The last thing I saw was the blurred form of that hulking brute stomping toward me, bellowing and screaming.

     Blackness engulfed me.


     I awoke in a haze, my side mercilessly torturing me.  Slowly I propped myself up on my right elbow, grimacing in pain.  Shaking my head, I waited for my vision to focus. I had to be alive, for if I was dead, the pain would not be my companion.

     It took some time to shake off the haze in my eyes and head. As my senses returned, I beheld the giant lying at my feet, unmoving, unbreathing.

     "Lucky," I gasped, staggering to my feet.  Retrieving my blade, I knelt before the giant and bowed in painful respect, as is the custom of my order.

     "Good journey to you, worthy foe."

     I slowly arose, and cleaned my blade.

     My job was done . . . well, nearly done.  Giants hoard treasure, and I was not about to return empty handed.  The true reward was not the sack of gold I would receive for finishing this bounty.  No indeed.  It was the giant's treasure I sought now.

     For hours I searched . . .


     I entered town, towing the heavy giants head by the hair. The posted guards watched in frozen silence as I dragged my trophy past them.

     It was all I could do to bring it to the Bounty Hunters Office before my strength utterly failed me. You should have seen the looks on all the locals faces -- that alone was a good portion of my payment.  They'd never seen anything like this before.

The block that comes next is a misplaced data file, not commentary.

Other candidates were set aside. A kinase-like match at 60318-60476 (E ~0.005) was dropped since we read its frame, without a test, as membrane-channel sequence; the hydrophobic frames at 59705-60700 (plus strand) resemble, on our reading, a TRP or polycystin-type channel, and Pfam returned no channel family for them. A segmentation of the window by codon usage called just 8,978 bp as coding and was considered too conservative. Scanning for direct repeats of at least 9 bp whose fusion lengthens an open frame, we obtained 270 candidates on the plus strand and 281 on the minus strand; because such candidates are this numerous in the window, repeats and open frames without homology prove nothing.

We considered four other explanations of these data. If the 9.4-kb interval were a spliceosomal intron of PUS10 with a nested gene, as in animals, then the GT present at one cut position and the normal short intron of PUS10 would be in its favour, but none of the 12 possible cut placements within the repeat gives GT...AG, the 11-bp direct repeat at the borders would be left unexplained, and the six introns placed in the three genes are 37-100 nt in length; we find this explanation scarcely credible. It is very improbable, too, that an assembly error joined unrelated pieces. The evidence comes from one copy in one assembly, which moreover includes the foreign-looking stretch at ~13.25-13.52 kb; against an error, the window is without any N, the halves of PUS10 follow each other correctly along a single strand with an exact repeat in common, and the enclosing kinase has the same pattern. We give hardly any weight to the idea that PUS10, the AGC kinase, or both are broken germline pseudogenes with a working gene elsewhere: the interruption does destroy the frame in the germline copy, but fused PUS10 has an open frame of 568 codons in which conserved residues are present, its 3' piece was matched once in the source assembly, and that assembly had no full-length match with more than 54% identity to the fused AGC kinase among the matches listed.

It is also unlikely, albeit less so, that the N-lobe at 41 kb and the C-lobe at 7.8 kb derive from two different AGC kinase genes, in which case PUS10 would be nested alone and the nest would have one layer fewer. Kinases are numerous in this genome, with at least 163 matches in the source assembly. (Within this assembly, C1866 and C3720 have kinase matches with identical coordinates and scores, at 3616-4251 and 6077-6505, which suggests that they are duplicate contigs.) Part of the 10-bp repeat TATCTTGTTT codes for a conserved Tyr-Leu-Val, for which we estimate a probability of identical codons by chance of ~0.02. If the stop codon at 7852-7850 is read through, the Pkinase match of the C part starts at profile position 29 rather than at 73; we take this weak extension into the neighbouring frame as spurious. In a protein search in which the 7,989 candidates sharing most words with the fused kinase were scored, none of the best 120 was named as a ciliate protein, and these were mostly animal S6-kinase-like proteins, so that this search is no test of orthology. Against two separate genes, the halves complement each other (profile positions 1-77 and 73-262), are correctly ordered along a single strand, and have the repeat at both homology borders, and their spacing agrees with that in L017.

Well, all said and done, I made out well.  I had to leave most of the giant's treasure hidden in a nearby ravine.  With the bounty collected, I purchased a few pack mules and retrieve the rest of the giant's treasure quickly, lest the locals beat me to it.

     I wasted no time.


     That night, under a star-filled sky, I guarded eight mules laden with treasure. Swords, armor, shields, silver and gold, scrolls, trinkets and a number of potions were a fine end to this quest.

     I knew I'd gotten lucky.  But here I was, alive, and suddenly wealthy enough to buy the town that hired me.

     Satisfied, I kept watch all night.  In the morning, early, I took everything to the town vault and arranged to trade it all to the local jeweler for a sack full of gems, and a bit of extra money.  It was always easier to keep so much wealth in as small a quantity as possible.  Of course, I gave the jeweler such a bargain, she could not refuse instant payment, which is what I desired. I had to leave town quickly.

     The transaction went smoothly, and I soon slipped quietly out of town.  No one saw me come into town . . . few saw me leave.

     After a well concealed nap in the wild, I ventured northward for one full moon, eventually entering in through the high arches of Cityport Naven, a bustling and well known trade district.

     After keeping a low profile at the famous Golden Feather Inn, I booked passage on a trading vessel headed to the southern end of the continent.

     Life was good. I knew I could retire now . . . but what was the use in that?